The rise of SOCIAL RECRUITMENT: Time to reinvent how you attract talents!

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Is our traditional approach towards hiring still effective?

You create a nicely written job posting, find a suitable job board, post your job and then…you wait and pray for the perfect candidate to apply to your company. That is the usual approach that talent acquisition specialist in organizations adopts for most of their roles on a daily basis.

For the more enlightened ones, they will probably take on a more proactive approach by utilizing platforms like LinkedIn to work on a Boolean search. As much as this seems much better than the wait and see method, it demands quite a bit of effort and you will typically be engaging “cold candidates” who are either not looking out or requires a fair amount of selling.

As for organizations with more resources or are feeling desperate to fill urgent roles, they will head straight to engage recruitment agencies. You might end up paying an arm and leg for some roles, or at least having to fork out a sizable percentage of the candidate’s annual salary. Seems like money well spent, isn’t it? Pay upon success and you manage to fill the role that has been haunting you for months.

Question is, the 3 mentioned approaches while being the staple and standard ways of securing talent in the market, are they the most effective? Well, it can be argued that it depends on the situation. That said, I reckon that there must be something else that we could do to tap on other resources and ensure that it is much more cost-effective.

Harnessing the potential of social recruitment in today’s digital age

Since founding People Mentality Inc about a year ago, I’ve been working with many HR Tech providers to solve HR issues for organizations of varying sizes. During which, the concept of social recruitment was one that stood out when it comes to tackling the hiring challenges.

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What is social recruitment? A simple example would be your company’s internal referral program. Organizations take a proactive approach to provide certain incentives on a tiered basis, communicate the vacancies to employees and tap on their people’s social network to recommend a suitable candidate for the role.

Why is this effective? On one hand, the employee referring their friend has their reputation at stake. Whoever they refer is a stamp of confidence that they are giving to the hiring manager and organization so there is a certain level of pressure to make sure they get it right. On the other hand, the candidate who eventually accepts the role also bears the expectation of performing because they had the endorsement of their friend who is an existing employee. If they were to perform poorly, not only would they look bad, their friend will be seen in a negative light as well. In principle, that’s why an internal referral program is an effective channel when done right.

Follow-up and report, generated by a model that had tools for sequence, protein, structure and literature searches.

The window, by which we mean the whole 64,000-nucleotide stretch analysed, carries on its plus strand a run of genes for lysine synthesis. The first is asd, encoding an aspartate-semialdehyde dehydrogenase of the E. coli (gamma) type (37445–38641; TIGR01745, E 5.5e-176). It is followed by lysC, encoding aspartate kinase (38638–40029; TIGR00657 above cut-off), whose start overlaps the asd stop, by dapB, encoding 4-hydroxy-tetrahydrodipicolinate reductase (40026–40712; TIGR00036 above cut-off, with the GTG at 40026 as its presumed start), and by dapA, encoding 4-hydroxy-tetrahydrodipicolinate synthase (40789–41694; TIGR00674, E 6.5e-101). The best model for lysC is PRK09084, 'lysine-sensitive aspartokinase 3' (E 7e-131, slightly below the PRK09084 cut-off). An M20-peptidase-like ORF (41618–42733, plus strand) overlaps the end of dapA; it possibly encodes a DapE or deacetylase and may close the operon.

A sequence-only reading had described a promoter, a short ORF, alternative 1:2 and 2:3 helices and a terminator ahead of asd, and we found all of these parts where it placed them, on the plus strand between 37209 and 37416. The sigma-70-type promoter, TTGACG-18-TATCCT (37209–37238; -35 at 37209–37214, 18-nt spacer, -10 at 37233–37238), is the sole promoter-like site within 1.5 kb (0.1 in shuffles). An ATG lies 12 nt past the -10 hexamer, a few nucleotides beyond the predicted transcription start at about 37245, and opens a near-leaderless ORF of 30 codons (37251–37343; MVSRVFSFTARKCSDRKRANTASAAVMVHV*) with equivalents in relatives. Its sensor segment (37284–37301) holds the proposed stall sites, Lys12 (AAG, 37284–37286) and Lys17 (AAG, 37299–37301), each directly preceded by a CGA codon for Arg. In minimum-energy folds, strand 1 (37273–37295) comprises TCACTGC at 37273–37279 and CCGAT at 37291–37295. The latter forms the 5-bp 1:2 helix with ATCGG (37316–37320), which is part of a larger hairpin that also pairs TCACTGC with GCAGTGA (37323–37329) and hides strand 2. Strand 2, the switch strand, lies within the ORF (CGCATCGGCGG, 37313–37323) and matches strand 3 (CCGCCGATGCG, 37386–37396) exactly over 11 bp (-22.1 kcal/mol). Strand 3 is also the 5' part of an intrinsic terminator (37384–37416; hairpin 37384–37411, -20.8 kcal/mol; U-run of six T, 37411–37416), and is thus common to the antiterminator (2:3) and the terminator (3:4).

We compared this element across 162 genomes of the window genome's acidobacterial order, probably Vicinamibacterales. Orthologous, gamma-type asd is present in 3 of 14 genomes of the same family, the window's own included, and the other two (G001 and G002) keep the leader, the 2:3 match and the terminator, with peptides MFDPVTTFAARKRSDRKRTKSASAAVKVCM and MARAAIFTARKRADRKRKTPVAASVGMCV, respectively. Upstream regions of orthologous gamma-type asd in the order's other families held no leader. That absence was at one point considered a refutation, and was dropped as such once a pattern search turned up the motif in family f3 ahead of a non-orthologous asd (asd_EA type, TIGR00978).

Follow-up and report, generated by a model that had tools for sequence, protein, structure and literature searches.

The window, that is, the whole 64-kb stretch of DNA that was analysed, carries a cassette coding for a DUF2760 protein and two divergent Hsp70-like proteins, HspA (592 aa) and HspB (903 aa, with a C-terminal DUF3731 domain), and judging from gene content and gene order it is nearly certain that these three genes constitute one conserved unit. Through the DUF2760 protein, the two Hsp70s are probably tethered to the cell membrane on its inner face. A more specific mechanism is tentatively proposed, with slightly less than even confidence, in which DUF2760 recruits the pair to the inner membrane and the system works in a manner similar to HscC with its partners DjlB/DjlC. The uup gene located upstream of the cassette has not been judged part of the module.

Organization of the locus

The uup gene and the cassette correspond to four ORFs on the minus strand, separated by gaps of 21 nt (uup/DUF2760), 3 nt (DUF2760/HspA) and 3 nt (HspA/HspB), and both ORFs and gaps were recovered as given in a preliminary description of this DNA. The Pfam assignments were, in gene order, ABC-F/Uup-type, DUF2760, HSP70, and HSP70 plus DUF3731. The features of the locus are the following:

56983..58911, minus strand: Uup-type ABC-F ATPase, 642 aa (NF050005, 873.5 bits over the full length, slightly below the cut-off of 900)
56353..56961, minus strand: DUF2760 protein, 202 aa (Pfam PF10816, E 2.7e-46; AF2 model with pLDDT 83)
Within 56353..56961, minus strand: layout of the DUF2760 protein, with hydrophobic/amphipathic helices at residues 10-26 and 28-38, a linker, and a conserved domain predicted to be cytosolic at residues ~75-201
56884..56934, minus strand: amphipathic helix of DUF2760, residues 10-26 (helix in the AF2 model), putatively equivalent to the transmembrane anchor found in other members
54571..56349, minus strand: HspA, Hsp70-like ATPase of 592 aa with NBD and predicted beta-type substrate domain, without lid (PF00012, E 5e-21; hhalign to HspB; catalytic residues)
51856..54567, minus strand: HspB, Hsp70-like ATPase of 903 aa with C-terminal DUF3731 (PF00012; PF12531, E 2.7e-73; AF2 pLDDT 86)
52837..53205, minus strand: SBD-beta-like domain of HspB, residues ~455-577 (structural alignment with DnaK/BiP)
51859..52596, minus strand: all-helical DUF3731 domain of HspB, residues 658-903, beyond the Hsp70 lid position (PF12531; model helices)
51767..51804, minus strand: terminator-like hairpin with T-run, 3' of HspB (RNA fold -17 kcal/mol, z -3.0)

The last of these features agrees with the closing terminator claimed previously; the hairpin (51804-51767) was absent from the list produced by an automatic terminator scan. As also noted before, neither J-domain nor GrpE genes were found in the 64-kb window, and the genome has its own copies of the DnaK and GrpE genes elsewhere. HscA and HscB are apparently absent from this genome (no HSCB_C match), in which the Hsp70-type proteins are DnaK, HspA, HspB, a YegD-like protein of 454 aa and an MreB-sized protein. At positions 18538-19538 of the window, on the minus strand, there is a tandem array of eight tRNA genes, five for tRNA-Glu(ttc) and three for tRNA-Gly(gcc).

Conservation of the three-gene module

That said, the social network can be further broadened beyond the existing degrees of connection. Wanted.Jobs, for instance, serves as a social recruitment platform for organizations to post unlimited jobs while building a dedicated employer page. It also expands on the referral concept by bringing social referrals to people outside of the company’s employees, increasing the potential reach and the virality of the job listings. By adding a reward factor, it incentivizes users to share relevant job listings with their social networks, especially with friends they think will fare well and get the gig.

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Considering today’s digital age where you have many Millennial job seekers as well as the proliferation of social media, I can easily see why such a model works out so well and has a high hit rate, especially amongst the younger folks out there. Gone are the days where people have to prepare a very long and detailed resume, submit it online and wait forever for a recruiter to come back to them. What works today is really to move fast, leverage on network and feedback while gathering information through first-hand account of influencers and friends. While being relatively cost-effective, that’s where a proactive search can take place and be an integral part of the hiring strategy.

Closing thoughts

While traditional approaches in recruitment still work, it is evident that they are possibly not as effective as before. Or should I say, there are new ways out there that can get you quality hire at a more affordable rate if you know what leverages you have and which platforms to tap on.

It is easy for us as HR practitioners to adopt the safe approach and manage the processes the same way as long as isn’t broken. That’s ok if we are looking to be replaced by technology over the next couple of years. If not, it is high time to relook at what we are doing, reinvent our approaches and stay ahead of the game to remain relevant in this digital age.

Start by changing your mindset and you will be surprised by how that works wonders.

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